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FRIENDLY, AFFORDABLE AND KNOWLEDGEABLE Chapter 7 Chapter 13 Loan Modifications
Filing bankruptcy on Long Island is a decision that should not be taken lightly by anyone. The process can be intricate and confusing for most novice filers who attempt the legal task without the assistance or representation of an experienced attorney. The ramifications following a bankruptcy petition acceptance is long-term in most situations regardless of the chapter being requested. It is important to understand that filing a bankruptcy petition is the equivalent of asking the government to intervene in a private credit arrangement to block the creditors from exercising their rights to pursue legal remedies against an account discharge. The creditors can always contest the terms, and the court refuses more petitions than filers realize. It is not an automatic process by any stretch, and petitions filed without legal representation are commonly rejected by the court for a variety of reasons. Even qualifying within the scope of the means test can be complicated for a DIY bankruptcy petitioner.

Preparation is Key to a Successful Chapter 13 Case

The best method of beginning the process is doing a complete workup well before filing. All aspects of the petition should be addressed on a practice version and evaluate the best information for each step. The first step will be evaluating the information needed for the means test, which will determine if you can even file. Each chapter of bankruptcy is different as well. Those seeking to discharge overwhelming debt will typically use Chapter 7, but all clear personal assets could be marked by a judge for sale with the proceeds being applied as payments to creditors. Chapter 13 filings are different to a large degree, and they are normally used to keep from losing a home or some other type of real estate that would be vulnerable for sale or possession in a Chapter 7 petition. The means test is also used to qualify for Chapter 13 as well, and the terms of the repayment plan must be acceptable to all other parties.

Chapter 13 Repayment Plans

DIY pro se bankruptcy petitioners must develop a feasible repayment plan that is usually set at five years for all outstanding debt to be considered paid current. Chapter 13 can include some discharging of debt as in a Chapter 7 filing, but the real advantage of a Chapter 13 filing is that it can protect a home from foreclosure and protect your credit rating in the end. Sometimes creditors will renegotiate outstanding accounts to avoid inclusion in a bankruptcy petition, but these must be finalized before the petition becomes effective. This is a component of filing for bankruptcy where having a legal representative negotiating an agreement is a real advantage. The purpose of a Chapter 13 petition is effectively a debt consolidation plan that repays as many creditors as possible while protecting a dwelling and minimized the credit rating damage to the petitioner. More on how Chapter 13 can impact your credit here.
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Will Filing for Chapter Bankruptcy 13 Ruin My Credit Score?

When you decide to file bankruptcy, it will be reflected on your credit report for years to come. As such, there is really no way around the brutal truth that filing will have a negative effect on your rating. If you are able to afford a repayment plan, choosing to file under Chapter 13 bankruptcy may help you recover more quickly and save your financial reputation.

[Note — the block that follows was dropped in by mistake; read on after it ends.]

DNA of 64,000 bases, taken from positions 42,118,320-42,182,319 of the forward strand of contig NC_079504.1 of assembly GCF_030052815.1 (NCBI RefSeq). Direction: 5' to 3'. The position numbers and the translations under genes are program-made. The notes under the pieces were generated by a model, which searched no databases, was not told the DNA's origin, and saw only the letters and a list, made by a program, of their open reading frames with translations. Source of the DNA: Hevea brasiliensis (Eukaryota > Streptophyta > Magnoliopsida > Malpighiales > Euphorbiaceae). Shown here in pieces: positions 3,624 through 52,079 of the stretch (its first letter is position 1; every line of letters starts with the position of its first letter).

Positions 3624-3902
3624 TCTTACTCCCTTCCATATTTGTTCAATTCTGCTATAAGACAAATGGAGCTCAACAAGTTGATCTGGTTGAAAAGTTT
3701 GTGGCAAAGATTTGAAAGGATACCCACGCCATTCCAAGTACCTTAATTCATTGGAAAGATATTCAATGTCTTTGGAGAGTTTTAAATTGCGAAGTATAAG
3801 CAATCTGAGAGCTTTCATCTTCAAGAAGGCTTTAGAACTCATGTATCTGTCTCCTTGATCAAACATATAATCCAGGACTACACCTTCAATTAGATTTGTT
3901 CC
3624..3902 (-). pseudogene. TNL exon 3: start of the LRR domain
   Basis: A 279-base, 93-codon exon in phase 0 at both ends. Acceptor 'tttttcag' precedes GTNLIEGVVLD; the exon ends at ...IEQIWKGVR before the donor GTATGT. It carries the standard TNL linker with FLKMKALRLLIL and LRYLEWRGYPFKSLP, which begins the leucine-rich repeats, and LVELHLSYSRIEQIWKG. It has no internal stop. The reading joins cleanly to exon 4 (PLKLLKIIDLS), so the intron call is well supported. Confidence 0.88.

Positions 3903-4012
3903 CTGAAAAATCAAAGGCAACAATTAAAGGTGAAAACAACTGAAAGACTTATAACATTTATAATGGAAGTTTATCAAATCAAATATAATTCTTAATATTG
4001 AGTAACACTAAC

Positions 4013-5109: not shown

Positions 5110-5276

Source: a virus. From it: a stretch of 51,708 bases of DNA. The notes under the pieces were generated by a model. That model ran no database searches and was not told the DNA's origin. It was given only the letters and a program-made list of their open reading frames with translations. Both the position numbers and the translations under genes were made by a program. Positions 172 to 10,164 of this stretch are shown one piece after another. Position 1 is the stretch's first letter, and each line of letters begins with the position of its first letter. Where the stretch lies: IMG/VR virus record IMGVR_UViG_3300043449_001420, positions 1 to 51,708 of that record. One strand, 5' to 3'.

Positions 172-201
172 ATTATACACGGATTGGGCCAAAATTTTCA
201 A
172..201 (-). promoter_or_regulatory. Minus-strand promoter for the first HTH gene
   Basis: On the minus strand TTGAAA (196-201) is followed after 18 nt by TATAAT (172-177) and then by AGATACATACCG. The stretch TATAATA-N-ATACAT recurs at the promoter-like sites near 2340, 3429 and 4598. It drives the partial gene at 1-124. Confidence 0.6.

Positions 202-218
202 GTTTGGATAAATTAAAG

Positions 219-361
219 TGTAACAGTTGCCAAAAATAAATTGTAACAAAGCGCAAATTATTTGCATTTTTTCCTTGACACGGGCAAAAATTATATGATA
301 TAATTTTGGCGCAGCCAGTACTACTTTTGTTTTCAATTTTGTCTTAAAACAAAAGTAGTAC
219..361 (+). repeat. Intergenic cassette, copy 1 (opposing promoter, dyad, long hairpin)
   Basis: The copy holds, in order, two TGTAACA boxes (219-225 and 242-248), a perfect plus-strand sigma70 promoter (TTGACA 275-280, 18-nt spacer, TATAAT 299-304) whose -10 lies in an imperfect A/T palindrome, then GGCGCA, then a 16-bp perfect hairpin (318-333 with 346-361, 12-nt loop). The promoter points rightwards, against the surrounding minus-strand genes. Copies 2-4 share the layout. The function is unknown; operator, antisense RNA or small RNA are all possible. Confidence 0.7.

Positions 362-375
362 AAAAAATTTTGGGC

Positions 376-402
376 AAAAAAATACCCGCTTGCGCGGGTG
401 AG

Why Creditors Prefer Chapter 13 Instead of Chapter 7

It's no secret that lenders prefer Chapter 13 filing to that of Chapter 7 bankruptcy, but why exactly is this? It basically boils down to the fact that with Chapter 13, your creditors have some hope of future payment. In contrast, when you file under Chapter 7 bankruptcy, if you qualify, their chances of receiving any payment is dim.

Your Credit Score Under Chapter 7 Bankruptcy

Under Chapter 7, unsecured debts, such as medical bills and credit card companies, don't usually receive any kind of payment. This is because Chapter 7 doesn't require you to make payments to creditors or set up any kind of payment process. Instead, any owned property that cannot be protected under your state's exemption laws must be turned over to a trustee that is assigned by the court. Your trustee then sells the property for whatever they can get for it and uses the proceeds from the sale to pay off your creditors. However, most filers are able to exempt the majority, if not all, of their assets, thus keeping them out of the reach of the court. This means there is often nothing left to pay off the creditors.
When Long Island borrowers fall behind on bills and can no longer make their minimum monthly payments, they usually consider calling a Long Island bankruptcy attorney and filing for relief. The two bankruptcy options available are Chapter 7 or Chapter 13. Depending on your situation, either option may be the answer you need to move forward and repair your financial life.

One of the mistakes many people make is waiting too long to seek out help. You can stop aggressive collection action before you have your car repossessed or a bank account frozen. These types of disastrous events can be prevented by seeking relief by the courts.
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